CG13250, a novel bromodomain inhibitor, suppresses proliferation of multiple myeloma cells in an orthotopic mouse model.

Research paper by Natsuki N Imayoshi, Makoto M Yoshioka, Jay J Chauhan, Susumu S Nakata, Yuki Y Toda, Steve S Fletcher, Jeffery W JW Strovel, Kazuyuki K Takata, Eishi E Ashihara

Indexed on: 25 Jan '17Published on: 25 Jan '17Published in: Biochemical and Biophysical Research Communications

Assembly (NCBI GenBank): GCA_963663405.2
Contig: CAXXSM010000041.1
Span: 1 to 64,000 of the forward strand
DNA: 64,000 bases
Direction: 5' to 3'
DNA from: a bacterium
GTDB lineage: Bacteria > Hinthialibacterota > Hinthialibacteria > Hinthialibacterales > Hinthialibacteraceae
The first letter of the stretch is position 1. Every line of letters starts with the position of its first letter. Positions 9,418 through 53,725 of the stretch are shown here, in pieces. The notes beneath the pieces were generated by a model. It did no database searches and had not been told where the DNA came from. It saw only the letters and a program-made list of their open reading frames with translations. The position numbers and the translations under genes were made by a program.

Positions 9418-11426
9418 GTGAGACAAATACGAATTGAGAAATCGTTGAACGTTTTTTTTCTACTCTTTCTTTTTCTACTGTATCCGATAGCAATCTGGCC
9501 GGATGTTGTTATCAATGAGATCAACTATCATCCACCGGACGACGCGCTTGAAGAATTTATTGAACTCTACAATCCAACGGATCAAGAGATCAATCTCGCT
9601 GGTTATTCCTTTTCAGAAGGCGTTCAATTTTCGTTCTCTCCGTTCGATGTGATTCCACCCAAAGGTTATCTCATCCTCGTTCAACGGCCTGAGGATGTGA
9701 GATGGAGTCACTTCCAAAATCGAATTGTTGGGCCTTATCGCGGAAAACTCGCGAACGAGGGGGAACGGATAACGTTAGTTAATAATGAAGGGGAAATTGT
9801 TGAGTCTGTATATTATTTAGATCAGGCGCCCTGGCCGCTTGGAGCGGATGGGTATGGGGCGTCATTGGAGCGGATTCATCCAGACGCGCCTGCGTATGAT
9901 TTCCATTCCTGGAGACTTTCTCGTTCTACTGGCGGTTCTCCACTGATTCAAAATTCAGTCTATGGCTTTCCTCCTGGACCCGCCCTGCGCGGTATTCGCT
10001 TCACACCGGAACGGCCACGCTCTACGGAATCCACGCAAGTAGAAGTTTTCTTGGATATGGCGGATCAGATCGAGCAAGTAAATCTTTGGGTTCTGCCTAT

Multiple myeloma (MM) is characterized by the clonal proliferation of neoplastic plasma cells. Despite a stream of new molecular targets based on better understanding of the disease, MM remains incurable. Epigenomic abnormalities contribute to the pathogenesis of MM. bromodomain 4 (BRD4), a member of the bromodomain and extraterminal (BET) family, binds to acetylated histones during M/G1 transition in the cell cycle promoting progression to S phase. In this study, we investigated the effects of a novel BET inhibitor CG13250 on MM cells. CG13250 inhibited ligand binding to BRD4 in a dose-dependent manner and with an IC50 value of 1.1 μM. It inhibited MM proliferation in a dose-dependent manner and arrested cells in G1, resulting in the induction of apoptosis through caspase activation. CG13250 inhibited the binding of BRD4 to c-MYC promoter regions suppressing the transcription of the c-MYC gene. Administered in vivo, CG13250 significantly prolonged survival of an orthotopic MM-bearing mice. In conclusion, CG13250 is a novel bromodomain inhibitor that is a promising molecular targeting agent against MM.